Eric Kramer - Medicine in Nepal
Over the first two days in Nepal, I visited a Nutritional Rehabilitation Center (NRH) for malnourished children in Patan. This was such a learning experience. Malnourishment is a huge problem in Nepal. NRH not only helps children get proper nourishment and gain weight to get back into proper form, but also teaches mothers how to properly feed their children. The children at these centres were really adorable and enjoyed our company. There was also a great view of the terrain and I met other volunteers: one from Nepal, one from Paris, one from Colorado and one from Italy.
Living in Kathmandu
The hotel, Hotel Excelsior, which I stayed at in Kathmandu, was very nice considering the conditions in Nepal. It had working wifi almost always, which made it easy to keep in touch at home. All of the staff members were also extremely nice. The food was also delicious. My favourite food that I had in Nepal is definitely momos (buff momos and chicken momos). They are basically dumplings but they are absolutely delicious. I must have had them almost every day.
I then spent a few more days in Kathmandu doing touristy things, visiting the magnificent Monkey Temple and a few other sites. The Monkey Temple was unlike anything I have ever seen before and I really enjoyed seeing the monkeys freely roaming around and the beautiful religious sites.
I also went on a 4-hour trek in a national park in Kathmandu. That was quite the challenge. I had never done anything as physically exhausting, but after taking many breaks I was able to make it to the top. I did suffer many leech bites but it was a wonderful experience and there was a spectacular view at the top.
Thamel is a nice area where you can get all of your shopping done. It does take a bit of getting used to walking through the streets because of the hectic lifestyle there. There are no paved roads, no traffic lights and drivers barely follow lane markings. People just drive everywhere chaotically, cars and bikes alike. It can be a bit scary at first but you get used to it.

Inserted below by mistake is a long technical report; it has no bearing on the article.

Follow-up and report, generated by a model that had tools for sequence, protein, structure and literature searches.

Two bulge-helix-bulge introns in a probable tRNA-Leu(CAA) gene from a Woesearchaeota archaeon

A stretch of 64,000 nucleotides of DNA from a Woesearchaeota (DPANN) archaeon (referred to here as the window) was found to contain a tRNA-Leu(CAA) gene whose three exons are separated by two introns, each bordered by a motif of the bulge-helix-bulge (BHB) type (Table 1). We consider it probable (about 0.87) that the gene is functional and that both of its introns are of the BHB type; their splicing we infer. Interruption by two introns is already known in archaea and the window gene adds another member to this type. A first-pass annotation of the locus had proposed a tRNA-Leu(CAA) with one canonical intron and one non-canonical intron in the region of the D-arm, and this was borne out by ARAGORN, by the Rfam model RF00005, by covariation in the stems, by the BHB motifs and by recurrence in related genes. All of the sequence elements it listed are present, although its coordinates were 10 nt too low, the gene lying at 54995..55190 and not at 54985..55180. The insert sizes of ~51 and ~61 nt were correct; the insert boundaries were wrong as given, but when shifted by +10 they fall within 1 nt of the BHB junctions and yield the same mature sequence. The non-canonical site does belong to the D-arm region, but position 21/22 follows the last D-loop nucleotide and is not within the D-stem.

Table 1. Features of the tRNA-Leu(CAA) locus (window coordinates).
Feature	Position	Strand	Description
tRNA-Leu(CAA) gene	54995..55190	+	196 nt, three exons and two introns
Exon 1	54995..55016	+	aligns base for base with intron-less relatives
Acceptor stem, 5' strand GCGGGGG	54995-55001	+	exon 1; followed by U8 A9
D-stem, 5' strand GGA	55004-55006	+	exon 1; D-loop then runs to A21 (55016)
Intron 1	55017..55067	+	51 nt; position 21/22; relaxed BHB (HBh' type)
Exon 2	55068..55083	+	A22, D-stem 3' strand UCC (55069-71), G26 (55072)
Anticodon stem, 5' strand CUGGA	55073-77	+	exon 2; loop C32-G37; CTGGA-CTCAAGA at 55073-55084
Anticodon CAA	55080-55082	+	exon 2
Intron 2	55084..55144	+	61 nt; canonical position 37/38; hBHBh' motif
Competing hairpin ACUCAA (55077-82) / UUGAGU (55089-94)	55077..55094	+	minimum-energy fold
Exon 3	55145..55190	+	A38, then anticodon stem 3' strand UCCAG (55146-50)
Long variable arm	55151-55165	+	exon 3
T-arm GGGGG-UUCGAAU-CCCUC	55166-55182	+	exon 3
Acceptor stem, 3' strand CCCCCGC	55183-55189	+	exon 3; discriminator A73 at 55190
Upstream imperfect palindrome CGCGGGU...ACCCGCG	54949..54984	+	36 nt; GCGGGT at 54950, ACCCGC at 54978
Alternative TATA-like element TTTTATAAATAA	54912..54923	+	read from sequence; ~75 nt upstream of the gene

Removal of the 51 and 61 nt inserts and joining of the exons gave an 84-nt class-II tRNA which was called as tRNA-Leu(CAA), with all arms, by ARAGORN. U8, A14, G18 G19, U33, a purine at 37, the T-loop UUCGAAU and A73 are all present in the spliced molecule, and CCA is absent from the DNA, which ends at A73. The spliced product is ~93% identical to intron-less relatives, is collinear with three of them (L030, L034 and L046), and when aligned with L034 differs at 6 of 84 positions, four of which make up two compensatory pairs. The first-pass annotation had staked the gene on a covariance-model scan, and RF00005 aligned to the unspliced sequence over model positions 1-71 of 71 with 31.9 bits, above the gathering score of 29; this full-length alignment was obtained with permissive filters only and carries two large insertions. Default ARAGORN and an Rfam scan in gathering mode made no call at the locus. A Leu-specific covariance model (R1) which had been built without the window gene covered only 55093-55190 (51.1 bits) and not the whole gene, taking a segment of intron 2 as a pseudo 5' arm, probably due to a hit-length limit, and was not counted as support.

Everything is so cheap compared to in America. There are shops to convert money everywhere along with tonnes of souvenir shops. All the shop owners are extremely friendly and willing to sit and talk. I got stuck in the rain at one point so the shop owner let me sit in the shop until the rain stopped. We talked about American movies for almost an hour. He was only 18 years old and he explained to me how only two Nepali children get chosen each year to go study in America. Many of the Nepali children want to go to America but they cannot afford it so the only way they can go is if they are chosen. I wished him luck.
Volunteering in Chitwan
I then went to Chitwan where the hospital medical placements were. The 5-hour bus ride from Kathmandu to Chitwan was very scenic. It was also quite scary because of the winding roads and high elevation. I spent a few days in Chitwan Medical College (CMC) where I spent some time in radiology, ECG and the operating theatre. The staff in the radiology department was extremely nice. One doctor showed me how to run an x-ray and explained the whole process behind it. The methodology there is definitely different from in America because of the technological disparity.
I absolutely loved the time I spent in OT because I got to watch several different surgeries including cancer removal and neurosurgeries. This was wonderful experience that I would never have the chance to do in America. It really reinforced my idea that I want to become a surgeon. Most of the doctors are extremely friendly and willing to explain procedures to you. Some nurses even made me tea and taught me some Nepali!
Observing in the operating theatre was definitely the best medical experience I have had in my lifetime. I saw the removal of a Brenner’s tumour in the uterus and the doctor allowed us to take pictures of it. He even explained the procedure to us and cut open the tumour for us to see. He then invited us to see all future surgeries. In the cancer hospital, a doctor explained a neurosurgery to us as he was performing it! He showed us all the incisions they made and explained the process of skin grafting. It is fascinating to see a complicated procedure like a neurosurgery performed outside the United States because due to the lack of advanced technology, the surgery is much more invasive.
As for the Projects Abroad staff, they are mostly former volunteers so they know what it is like. They are very friendly and willing to help in any way possible. Also, it is advisable to bring everything on the recommended to bring list since you will probably need it.
This is a personal account of one volunteer’s experience on the project and is a snapshot in time. Your experience may be different, as our projects are constantly adapting to local needs and building on accomplishments. Seasonal weather changes can also have a big impact. Find out more about what you can expect from this project, or speak to one of our friendly Programme Advisors.